Hike Kessler Peak in Utah's Big Cottonwood Canyon

5.3 Miles Round Trip - 2800 ft gain - Out-and-Back Trail

Donut Falls Trailhead - Search Nearby - Added by Chris Engelsman

Kessler Peak in Big Cottonwood Canyon of Utah provides breathtaking views of the central Wasatch, Salt Lake Valley, and all the way to the Uintas.

Kessler Peak is a 10,403-foot peak located in Big Cottonwood Canyon. From the top, you can see all the way to the Uintas to the East, The tram at Snowbird to the south, and the Salt Lake Valley to the west. To the north is Mount Raymond and Gobblers Knob. 

Kessler Peak is the terminus and highest point of the north ridge from Mount Superior.

There is nothing technically challenging about this trail, but it is steep. If you have trekking poles, I'd suggest you take them. They'll help keep your footing on the descent. The Kessler Peak trail stays cooler since it's mostly on the north side of the mountain.

Round trip the hike is approximately 5.5 miles and 2,800 of vertical. Depending on your level of fitness it could take anywhere from 2.5 to 4 hours for the hike. There are no signs for Kessler Peak trail, but it's easy to find.

Kessler Peak shares the Donut Falls Trailhead, which is very popular and has vault toilets. If the parking lot fills up, you'll have to park at the auxiliary parking lot on the Big Cottonwood road. Parking at Big Cottonwood road will add an extra mile or so to your hike, but there is little elevation gain. 

From the Donut Falls Trailhead, follow the road past the gate, and continue up the path until you hit a fork at approximately .4 miles. Stay to the right and keep heading up. 

After another 2/10th's of a mile (.6 total) you'll come to the Kessler Peak trail located on the right side of the road (west). There is no sign, but it's a steep rocky climb. From here the climb will be a steady ascent to the north-east ridge. From here you'll get some glimpses of Kessler Slabs, the northeast side of Kessler, and of Cardiff Fork, and Cardiff Pass in the distance.

Just after the 2-mile mark, you'll head across an avalanche path called God's Lawnmower, which is an excellent backcountry ski run in the winter. 

A little less than a mile later you will come to the remains of an old miners cabin and their mine. The mine is unblocked, and you can go about 100 feet into it - maybe further if you are daring.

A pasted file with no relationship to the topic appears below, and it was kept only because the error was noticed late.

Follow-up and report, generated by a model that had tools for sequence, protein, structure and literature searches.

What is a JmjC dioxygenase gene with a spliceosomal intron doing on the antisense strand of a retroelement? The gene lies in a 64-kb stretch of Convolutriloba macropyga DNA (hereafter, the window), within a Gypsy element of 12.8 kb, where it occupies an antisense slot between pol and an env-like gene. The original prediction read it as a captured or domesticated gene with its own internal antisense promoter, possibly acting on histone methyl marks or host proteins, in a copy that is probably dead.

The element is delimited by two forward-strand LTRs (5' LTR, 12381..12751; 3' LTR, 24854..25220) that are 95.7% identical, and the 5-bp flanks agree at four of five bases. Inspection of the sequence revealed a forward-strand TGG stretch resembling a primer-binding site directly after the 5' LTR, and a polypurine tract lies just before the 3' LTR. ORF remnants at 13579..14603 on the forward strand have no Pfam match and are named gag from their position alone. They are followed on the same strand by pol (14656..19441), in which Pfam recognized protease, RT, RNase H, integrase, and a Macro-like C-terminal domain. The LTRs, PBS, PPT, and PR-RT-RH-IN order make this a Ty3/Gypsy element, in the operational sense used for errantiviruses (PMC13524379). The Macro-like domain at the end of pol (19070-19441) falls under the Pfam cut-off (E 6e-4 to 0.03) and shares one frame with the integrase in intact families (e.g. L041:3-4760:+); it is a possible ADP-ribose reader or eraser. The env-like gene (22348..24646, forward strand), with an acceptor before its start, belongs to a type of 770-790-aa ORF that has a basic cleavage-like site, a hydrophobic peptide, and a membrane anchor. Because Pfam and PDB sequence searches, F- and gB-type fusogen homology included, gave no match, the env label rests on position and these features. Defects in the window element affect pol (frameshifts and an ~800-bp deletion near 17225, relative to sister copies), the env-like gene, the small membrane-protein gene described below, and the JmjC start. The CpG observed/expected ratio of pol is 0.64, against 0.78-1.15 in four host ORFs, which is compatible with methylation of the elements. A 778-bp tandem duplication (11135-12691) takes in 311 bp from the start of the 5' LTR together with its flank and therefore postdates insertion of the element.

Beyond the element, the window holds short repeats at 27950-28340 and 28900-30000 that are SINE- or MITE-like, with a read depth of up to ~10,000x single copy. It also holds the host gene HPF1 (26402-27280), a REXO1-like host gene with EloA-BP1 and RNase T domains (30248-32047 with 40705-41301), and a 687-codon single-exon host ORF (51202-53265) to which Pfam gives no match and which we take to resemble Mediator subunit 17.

You're almost to the saddle, which has the remains of another miner's cabin, and a mine shaft that goes straight down. Don't fall in.

From the saddle, follow the path to the right. There are a series of false summits. Just stay on the trail, and you'll reach the summit. 

At the top of Kessler Peak, enjoy the views of Hidden Peak and the Snowbird tram to the south, Twin Peaks to the West, Mount Raymond to the North, and Clayton Peak at Brighton Resort to the East. 

Tags

Photography
Running
Hiking
Bathrooms
Easy Parking
Forest
Scenic
Wildflowers

Details

5.3 Miles
2800 ft elevation gain
Out-and-Back Trail

Stay Nearby

Sandy, Utah

The Cliff Lodge

From $300/night

Park City

Newpark Hotel

From $95/night

Salt Lake City, Utah

Salt Lake City KOA

Springville, Utah

Springville / Provo KOA

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Your own private mountain

The is my favorite "local secret" hike near me. I go there for solace and meditation. It's beautiful in the fall when the aspens turn golden. Don't tell anyone about it! : )

Great way to get away from crowds

HOW TO FIND THE TRAILHEAD: I missed the trail at first and added some extra mileage. Start on the donut falls trail, once you cross a bridge over the creek you'll see a trail sign with an arrow pointing left. Ignore the left arrow and go straight through to get to a fire road (FR019). Go left on the fire road after less than a mile the unmarked kessler peak trail comes up on the right but is easy to miss. As of June 2018 it is marked with a small carin but the trail itself is narrow and looks like a washed out creek bed. If you come to a flat gravel clearing on the left you have gone too far. The hike starts with the very busy donut falls trail, but once you get on the Kessler trail you'll have the woods to yourself. The first half of the trail is narrow and pretty overgrown so I'd recommend long pants. The brush clears up a bit at higher elevations but the trail is very steep the whole way. This hike actually made me finally give in and buy trekking poles since on the way down I had to find a walking stick in the woods just to keep my balance on the loose dirt and rocks on the way down. There are a couple abandoned mines near the top and once you make it to the summit the views are incredible!

Steep but worth it

I love steep hikes, and I love them even more when they're not super crowded. Hiking in Big or Little Cottonwood can be crowded sometimes, but Kessler is not a super popular peak so I didn't see anyone when I did it. It was steep but beautiful. I went in early June, and there was still quite a lot snow so make sure to check conditions before going!